The study’s objectives were to: facilitate the documentation and protection of customarily held community lands through legally established community land titling processes; understand how to best support communities to successfully protect their lands and determine the types and level of support required; and pilot strategies to guard against intra-community injustice and discrimination during community land titling processes and protect the interests of vulnerable groups. Cross-national analysis of the data illustrates that the by-laws/constitution-drafting process had a statistically significant impact on the substance of women’s and other vulnerable groups’ land rights.
21. Deere, Carmen Diana, Jackeline Contreras and Jennifer Twyman. 2010. Property Rights and Women’s Accumulation of Assets Over the Life Cycle: Patrimonial Violence in Ecuador. ALASRU Nueva época. Análisis latinoamericana del medio rural, No. 5, 2010: 135-176.
This study looks at the recognition of women’s property rights in practice in Ecuador. One finding is that women may accumulate property in two ways, as individual property and as community property. While individual property, generally acquired through an inheritance, provides a fall back position, community property in marriage or unions has special benefits. Joint property compensates women for their work and provides security.
This paper brings together a variety of studies on land rights. Chapter 4 in particular focuses on efforts to improve tenure security. One study in India examines whether changes in inheritance legislation impact the socioeconomic status of females, and found that when daughters were granted coparcenary birthrights in joint family property denied to daughters in the past, the amendment significantly increased the probability of females inheriting land. However, even after the passage of the amendment, significant bias against females persists. Another study in Ethiopia assesses the effects on the allocative efficiency of the land rental market of the low-cost approach to land registration and certification of restricted property rights that were implemented in Ethiopia from the late 1990s. Four rounds of balanced household panel data collected from 16 villages in northern Ethiopia are used. After controlling for endogeneity of land certification and unobserved household heterogeneity affecting land market participation, it was found that land certification enhanced land rental market participation of female landlord households.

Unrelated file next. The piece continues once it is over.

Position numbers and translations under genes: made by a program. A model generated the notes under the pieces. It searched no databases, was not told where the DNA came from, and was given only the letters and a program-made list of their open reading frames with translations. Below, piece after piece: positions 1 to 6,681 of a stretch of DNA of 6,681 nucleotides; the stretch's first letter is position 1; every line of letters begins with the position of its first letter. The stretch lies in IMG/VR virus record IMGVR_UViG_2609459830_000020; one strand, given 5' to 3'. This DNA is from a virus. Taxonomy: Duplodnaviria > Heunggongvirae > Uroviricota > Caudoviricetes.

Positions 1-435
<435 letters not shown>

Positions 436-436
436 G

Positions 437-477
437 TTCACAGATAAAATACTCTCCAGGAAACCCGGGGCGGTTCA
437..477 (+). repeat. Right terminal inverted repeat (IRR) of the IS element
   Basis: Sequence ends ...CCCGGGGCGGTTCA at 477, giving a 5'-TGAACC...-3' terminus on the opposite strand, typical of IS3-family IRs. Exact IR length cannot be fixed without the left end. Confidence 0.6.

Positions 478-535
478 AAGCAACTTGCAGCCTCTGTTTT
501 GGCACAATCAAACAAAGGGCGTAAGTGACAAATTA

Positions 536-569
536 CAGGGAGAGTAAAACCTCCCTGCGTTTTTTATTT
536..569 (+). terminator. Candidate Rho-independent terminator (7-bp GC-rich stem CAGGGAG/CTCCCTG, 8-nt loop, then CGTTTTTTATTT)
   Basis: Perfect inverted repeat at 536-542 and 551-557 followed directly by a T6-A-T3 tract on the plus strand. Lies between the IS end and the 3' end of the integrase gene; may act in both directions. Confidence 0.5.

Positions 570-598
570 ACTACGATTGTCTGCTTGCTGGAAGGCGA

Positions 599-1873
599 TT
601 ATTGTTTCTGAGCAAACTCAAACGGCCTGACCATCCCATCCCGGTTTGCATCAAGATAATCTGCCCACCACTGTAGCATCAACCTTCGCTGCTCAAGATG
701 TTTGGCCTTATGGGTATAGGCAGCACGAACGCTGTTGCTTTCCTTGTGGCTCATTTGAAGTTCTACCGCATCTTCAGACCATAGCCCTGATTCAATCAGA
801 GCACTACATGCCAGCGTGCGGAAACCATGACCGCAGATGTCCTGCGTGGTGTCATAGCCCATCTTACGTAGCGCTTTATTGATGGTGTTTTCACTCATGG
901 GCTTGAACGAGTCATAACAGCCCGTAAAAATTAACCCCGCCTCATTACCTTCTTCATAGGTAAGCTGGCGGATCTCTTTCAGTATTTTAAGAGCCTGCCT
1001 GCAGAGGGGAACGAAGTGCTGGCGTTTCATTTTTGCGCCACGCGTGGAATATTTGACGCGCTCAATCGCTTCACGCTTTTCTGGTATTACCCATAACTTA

23. Holden, S. and Tewodros, T. (2008). “From Being Property of Men to Becoming Equal Owners? Early Impact of Land Registration and Certification on Women in Southern Ethiopia, UNHABITAT, Shelter Branch, Land Tenure and Property Administration Section.
Land certification has been implemented in Ethiopia since 1998 and over 5 million certificates have been delivered. This study in the Oromiya region (OR) and the Southern Nations, Nationalities and Peoples region (SNNPR) of Ethiopia, aims to assess the early impacts of land registration and certification that has been implemented there since 2004. Special emphasis is placed on the impacts of the reform on women, including the impacts of joint certification for husbands and wives. While the land laws first introduced in the Oromiya and SNNP regions in 2002 and 2003 stated that the husband could have his name on only one certificate, resistance caused a change such that certificates could be issued jointly to the husband and his wives, or the husband’s name could also be included below the name of his second and later wives, while he has his name first on the certificate with his first wife.
The study finds that low-cost land reform in Southern Ethiopia has contributed to increase the perceptions of tenure security for both women and men. The women’s names on the land certificates increased the perception that the women would be able to keep the land after the divorce or death of their husband, with some differences among wives in polygamous households. The reform had limited impact on women’s ability to influence farm management, perhaps because of the prevalence of sharecropping. The study recommends that information dissemination, mobilisation and organisation of women’s group
Receipt of legal documents (land titles) allowed former squatters, especially women, to join formal labor markets instead of staying at home to guard their land, thereby increasing their income and reducing child labor.
This article explores the impact of joint titling of houses on women’s empowerment in urban informal settlements in Chandigarh, India. It finds that property rights increase women’s participation in decision making, access to knowledge and information about public matters, sense of security, self-esteem, and the respect that they receive from their spouses. Women display a higher attachment to their houses than men, especially after getting joint titles, because houses play a valuable role in fulfilling women’s practical and strategic gender needs. This increased attachment to the house helps reduce property turnover in regularized settlements, hence assisting the government in attainingits goals and making joint titling a win-win policy.